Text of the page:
You may have heard about the crazy discounts being offered by fast fashion giant Pretty Little Thing on Black Friday. The incredible sale was the talk of social media, as the brand slashed prices of 100s of items to under £1, inclusive of footwear and outerwear. Lucky shoppers were able to snap up multiple items for under £10. The sale launched at Midnight on Black Friday and quickly became a phenomenon across social media, under the hashtag #PLTPINKFRIDAY. Unfortunately, I was not quick enough to benefit from the massive discounts as many items were sold out within 30 minutes of the sale being active. The brand launched more 99% off sale drops throughout the day, with increased social media attention the products were flying off the shelves, with items selling out in seconds. I remember seeing sold out dresses priced at 15p and fur coats priced at 55p and thinking I can’t believe I didn’t snap one up.
However, as beneficial as the low prices were to consumers; you have to question the negative impact of a 99% off sale on the environment. Fast fashion is one of the biggest global polluters. The fashion industry is responsible for 10% of annual global carbon emissions and uses around 1.5 trillion litres of water annually. A figure significantly higher than the emissions from all international flights. It also makes you question, are all the workers involved in the production process paid fairly?
It was only a few months ago that Boohoo, the sister brand to PLT, was investigated for underpaying garment workers in their factories located in Leicester. The Sunday Times sent an undercover reporter to the retailer’s factories and uncovered that staff were working in exploitative conditions being paid as little as £3.50 an hour. Despite the minimum wage in the UK being £8.72, for any adults aged 25+. Boohoo claimed that they were uncertain of what company was supplying all of the brands garments and they had no prior knowledge of the poor labour conditions. Boohoo made the statement: “We are taking immediate action to thoroughly investigate how our garments were in their hands, will ensure that our suppliers immediately cease working with this company and we will urgently review our relationship with any suppliers who have subcontracted work to the manufacturer in question.”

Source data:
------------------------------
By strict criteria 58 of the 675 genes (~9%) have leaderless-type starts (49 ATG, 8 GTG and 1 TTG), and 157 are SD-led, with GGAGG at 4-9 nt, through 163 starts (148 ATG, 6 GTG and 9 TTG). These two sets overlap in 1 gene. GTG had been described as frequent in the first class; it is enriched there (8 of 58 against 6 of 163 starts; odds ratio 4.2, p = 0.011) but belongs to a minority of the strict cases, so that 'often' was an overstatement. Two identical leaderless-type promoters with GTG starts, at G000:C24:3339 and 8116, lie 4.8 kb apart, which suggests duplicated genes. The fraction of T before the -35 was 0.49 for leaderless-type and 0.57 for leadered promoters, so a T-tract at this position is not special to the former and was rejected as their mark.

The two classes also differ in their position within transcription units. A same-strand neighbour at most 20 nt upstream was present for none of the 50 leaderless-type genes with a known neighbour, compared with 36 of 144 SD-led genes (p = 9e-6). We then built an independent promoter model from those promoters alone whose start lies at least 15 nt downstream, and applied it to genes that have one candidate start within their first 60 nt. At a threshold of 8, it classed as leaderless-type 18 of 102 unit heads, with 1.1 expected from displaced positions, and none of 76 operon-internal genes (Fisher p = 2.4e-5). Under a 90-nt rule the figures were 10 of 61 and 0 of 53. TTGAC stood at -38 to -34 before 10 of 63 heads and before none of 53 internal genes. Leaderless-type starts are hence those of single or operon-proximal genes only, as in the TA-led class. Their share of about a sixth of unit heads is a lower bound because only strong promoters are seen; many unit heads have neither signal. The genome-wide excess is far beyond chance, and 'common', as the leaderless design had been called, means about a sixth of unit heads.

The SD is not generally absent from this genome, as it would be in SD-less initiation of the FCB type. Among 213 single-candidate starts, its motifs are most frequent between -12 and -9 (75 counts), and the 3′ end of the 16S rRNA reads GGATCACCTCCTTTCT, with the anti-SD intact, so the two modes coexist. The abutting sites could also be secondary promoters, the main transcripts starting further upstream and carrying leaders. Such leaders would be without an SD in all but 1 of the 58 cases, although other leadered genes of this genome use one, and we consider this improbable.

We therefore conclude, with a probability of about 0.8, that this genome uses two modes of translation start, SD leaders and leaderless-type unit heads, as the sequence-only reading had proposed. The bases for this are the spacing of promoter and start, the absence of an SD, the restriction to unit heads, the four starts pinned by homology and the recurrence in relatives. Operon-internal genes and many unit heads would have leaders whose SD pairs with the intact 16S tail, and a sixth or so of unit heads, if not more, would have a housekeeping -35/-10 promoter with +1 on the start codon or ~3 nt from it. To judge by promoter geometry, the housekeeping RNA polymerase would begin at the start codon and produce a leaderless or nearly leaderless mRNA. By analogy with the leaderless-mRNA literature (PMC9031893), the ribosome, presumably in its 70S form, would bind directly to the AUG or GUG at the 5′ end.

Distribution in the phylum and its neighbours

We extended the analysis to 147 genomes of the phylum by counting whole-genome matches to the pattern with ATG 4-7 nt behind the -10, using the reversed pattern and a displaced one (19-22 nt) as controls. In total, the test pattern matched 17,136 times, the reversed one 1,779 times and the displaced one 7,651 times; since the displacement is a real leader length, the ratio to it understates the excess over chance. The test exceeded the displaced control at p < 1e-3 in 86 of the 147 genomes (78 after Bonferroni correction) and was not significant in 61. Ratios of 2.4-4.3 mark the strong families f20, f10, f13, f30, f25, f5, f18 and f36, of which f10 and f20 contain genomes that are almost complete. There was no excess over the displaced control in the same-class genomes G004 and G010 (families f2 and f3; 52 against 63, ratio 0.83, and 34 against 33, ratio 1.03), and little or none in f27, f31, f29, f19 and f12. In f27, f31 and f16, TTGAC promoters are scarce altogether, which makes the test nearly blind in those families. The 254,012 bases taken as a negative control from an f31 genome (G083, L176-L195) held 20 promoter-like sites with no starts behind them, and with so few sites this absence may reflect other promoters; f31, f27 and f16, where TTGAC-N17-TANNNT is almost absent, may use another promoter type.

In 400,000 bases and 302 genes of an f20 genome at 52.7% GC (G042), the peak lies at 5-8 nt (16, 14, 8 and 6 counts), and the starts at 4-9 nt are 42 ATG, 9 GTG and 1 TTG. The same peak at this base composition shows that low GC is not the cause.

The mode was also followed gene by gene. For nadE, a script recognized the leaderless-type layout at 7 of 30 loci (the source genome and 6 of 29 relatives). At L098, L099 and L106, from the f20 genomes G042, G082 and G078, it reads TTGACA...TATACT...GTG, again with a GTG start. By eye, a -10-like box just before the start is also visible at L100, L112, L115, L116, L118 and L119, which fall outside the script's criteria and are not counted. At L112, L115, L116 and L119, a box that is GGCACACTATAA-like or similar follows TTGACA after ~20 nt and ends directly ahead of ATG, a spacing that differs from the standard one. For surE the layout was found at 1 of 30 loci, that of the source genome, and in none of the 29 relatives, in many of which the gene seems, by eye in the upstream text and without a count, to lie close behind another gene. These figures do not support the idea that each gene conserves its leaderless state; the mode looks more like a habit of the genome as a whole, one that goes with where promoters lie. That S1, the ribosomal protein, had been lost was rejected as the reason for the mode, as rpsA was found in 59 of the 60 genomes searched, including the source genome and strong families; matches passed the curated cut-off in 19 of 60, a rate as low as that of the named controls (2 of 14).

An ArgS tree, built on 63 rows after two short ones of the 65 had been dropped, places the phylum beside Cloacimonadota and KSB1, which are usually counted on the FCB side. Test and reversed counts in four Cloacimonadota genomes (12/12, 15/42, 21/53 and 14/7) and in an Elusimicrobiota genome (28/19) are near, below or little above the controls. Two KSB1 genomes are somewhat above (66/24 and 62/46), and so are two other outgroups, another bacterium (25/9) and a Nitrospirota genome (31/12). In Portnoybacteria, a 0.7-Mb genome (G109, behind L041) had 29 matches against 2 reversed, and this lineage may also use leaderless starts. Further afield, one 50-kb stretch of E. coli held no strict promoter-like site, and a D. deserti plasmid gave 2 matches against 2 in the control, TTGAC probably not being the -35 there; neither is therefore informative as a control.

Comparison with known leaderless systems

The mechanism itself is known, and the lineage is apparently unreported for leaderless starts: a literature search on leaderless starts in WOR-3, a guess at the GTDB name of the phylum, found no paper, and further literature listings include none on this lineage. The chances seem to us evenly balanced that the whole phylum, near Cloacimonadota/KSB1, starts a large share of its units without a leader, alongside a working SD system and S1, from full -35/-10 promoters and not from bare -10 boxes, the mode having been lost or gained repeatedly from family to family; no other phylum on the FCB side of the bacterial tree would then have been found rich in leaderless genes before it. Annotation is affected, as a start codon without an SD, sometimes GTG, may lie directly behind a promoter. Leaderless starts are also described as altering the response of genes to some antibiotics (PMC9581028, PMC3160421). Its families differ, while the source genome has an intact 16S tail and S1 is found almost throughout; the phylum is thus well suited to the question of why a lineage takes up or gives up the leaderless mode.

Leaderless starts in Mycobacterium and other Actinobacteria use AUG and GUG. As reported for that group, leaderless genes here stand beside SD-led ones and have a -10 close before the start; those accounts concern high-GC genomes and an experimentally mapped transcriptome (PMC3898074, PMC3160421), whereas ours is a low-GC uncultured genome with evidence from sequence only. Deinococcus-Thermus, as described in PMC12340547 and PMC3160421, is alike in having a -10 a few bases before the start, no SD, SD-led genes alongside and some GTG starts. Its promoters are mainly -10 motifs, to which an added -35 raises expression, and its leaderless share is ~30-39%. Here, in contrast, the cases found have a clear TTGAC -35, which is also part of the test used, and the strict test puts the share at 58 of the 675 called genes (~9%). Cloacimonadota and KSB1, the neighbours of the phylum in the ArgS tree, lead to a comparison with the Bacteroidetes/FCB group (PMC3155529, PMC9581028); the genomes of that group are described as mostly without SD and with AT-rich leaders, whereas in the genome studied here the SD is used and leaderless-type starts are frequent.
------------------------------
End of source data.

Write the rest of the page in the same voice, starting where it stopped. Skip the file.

It makes you wonder how many other instances like this are going on without our knowledge.
Pretty Little Thing’s Black Friday sale did not come without its controversy, the brand received a number of complaints by the public on social media. PLT made the following statement in regards to the backlash: “As part of our Black Friday campaign, we are offering customers in the UK 99% off selected lines while stock lasts…After a bleak 2020 for most of us, we wanted to offer something competitive and understand people may be spending less in what is usually peak shopping season.” Despite its criticisms, the sale was certainly a success and it got everyone discussing the brand.